Human activity has had at least as much effect as climate change on the survival of animals on the Bahamian island of Abaco, a new study suggests.
Researchers looked at 10,000-year-old fossils found in an underwater cave on Abaco. They compared them with fossils from the island that date to 1,000 to 3,000 years ago, along with data from current vertebrate populations.
The scientists found that during the last ice age, about 10,000 years ago,some 17 bird species went extinct on Abaco because of a warming, wetter climate and rising sea levels.
“All of these birds were open country birds that preferred grassy, dry, cool climates,” said David Steadman, the curator of ornithology at the Florida Museum of Natural History and one of the study’s authors.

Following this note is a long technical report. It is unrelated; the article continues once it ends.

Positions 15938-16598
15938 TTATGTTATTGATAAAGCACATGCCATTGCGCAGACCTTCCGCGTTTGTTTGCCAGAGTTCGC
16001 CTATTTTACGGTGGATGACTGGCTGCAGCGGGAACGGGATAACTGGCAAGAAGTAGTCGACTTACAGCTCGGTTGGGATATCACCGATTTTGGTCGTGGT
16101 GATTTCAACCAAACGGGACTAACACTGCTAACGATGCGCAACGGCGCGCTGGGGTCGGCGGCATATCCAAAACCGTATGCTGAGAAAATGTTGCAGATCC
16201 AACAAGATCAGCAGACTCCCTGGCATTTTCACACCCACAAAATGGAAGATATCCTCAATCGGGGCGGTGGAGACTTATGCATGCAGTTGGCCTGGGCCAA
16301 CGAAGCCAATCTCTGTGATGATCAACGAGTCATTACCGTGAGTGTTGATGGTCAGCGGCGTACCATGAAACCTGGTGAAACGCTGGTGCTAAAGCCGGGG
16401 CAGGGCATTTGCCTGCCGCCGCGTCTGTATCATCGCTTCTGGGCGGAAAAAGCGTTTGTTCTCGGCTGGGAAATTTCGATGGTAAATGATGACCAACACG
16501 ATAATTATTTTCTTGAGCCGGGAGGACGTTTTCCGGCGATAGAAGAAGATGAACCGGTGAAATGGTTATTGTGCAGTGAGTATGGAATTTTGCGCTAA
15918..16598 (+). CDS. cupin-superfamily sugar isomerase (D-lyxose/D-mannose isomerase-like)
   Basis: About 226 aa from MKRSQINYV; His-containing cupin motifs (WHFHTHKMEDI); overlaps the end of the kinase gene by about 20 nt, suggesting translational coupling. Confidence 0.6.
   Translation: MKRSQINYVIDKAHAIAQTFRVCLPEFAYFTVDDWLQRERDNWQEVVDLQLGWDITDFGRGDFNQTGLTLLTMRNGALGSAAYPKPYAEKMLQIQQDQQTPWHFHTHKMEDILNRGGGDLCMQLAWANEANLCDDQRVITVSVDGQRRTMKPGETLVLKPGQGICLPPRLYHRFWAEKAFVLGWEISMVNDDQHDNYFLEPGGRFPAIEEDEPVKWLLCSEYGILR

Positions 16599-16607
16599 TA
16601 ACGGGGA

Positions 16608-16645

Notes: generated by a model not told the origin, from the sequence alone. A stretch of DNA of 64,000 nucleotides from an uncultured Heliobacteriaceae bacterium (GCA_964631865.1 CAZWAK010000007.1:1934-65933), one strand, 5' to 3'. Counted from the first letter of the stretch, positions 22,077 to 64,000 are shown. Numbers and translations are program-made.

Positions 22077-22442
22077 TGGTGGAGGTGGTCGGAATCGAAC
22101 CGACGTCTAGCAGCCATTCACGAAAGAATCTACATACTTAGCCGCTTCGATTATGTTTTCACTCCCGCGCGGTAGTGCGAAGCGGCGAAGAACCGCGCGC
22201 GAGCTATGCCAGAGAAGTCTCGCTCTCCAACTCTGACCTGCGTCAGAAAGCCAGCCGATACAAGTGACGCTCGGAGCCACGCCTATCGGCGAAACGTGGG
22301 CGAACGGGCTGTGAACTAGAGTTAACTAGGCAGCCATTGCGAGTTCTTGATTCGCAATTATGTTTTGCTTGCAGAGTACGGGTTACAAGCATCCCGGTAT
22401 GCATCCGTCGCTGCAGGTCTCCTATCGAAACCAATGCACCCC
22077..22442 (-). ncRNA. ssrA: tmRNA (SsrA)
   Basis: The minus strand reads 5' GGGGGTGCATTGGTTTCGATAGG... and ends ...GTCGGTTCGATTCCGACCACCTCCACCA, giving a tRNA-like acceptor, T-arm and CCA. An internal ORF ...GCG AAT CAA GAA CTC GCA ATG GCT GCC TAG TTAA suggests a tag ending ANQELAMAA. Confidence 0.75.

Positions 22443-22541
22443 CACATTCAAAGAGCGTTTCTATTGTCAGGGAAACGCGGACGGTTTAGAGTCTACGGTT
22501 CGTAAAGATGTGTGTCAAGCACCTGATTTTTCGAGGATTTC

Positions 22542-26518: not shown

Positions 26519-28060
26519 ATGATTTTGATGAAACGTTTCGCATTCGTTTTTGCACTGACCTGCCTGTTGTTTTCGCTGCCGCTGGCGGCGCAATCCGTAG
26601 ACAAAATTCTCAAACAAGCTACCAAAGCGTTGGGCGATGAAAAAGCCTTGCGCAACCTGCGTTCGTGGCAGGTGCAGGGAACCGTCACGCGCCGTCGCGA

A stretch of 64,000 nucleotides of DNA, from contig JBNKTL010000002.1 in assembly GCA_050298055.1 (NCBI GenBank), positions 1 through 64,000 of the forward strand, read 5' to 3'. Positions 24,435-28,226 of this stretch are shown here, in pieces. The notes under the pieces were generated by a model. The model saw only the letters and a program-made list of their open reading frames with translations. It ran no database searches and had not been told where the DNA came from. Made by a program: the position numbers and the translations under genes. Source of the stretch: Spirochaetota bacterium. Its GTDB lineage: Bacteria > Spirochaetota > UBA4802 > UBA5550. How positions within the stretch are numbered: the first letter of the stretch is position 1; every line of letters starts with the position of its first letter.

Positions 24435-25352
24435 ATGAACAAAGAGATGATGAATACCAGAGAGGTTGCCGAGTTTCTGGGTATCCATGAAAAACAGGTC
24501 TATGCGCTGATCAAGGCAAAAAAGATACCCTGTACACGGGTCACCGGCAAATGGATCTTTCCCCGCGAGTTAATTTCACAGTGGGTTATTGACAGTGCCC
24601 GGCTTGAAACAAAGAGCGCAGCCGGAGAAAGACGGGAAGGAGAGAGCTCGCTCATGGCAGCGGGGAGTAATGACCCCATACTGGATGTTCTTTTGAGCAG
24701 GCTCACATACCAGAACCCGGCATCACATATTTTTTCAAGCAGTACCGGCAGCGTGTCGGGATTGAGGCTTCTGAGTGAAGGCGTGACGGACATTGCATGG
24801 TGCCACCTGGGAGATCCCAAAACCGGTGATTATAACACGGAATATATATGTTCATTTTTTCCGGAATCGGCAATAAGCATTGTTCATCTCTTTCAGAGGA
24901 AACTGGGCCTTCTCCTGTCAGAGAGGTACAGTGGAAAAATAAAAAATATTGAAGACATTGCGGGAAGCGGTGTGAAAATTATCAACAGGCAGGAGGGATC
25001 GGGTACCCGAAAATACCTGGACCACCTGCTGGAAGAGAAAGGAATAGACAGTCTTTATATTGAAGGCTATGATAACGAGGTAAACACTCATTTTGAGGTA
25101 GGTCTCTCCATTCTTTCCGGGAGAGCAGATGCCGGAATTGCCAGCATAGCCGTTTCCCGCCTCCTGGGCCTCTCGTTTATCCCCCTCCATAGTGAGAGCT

At that time, there were no humans on the island. About 1,000 years ago, the first humans arrived and about 22 species became extinct. The latter species were far more diverse, compared with those that became extinct at the end of the last ice age, and included a tortoise, a crocodile, bats, and little and big birds.
The study offers a sobering message about the extent of human impact, Dr. Steadman said.
“The species that were lost in the last 1,000 years were resilient to natural changes,” he said. “They could handle the climate getting warmer and wetter, but they couldn’t handle it when humans showed up.”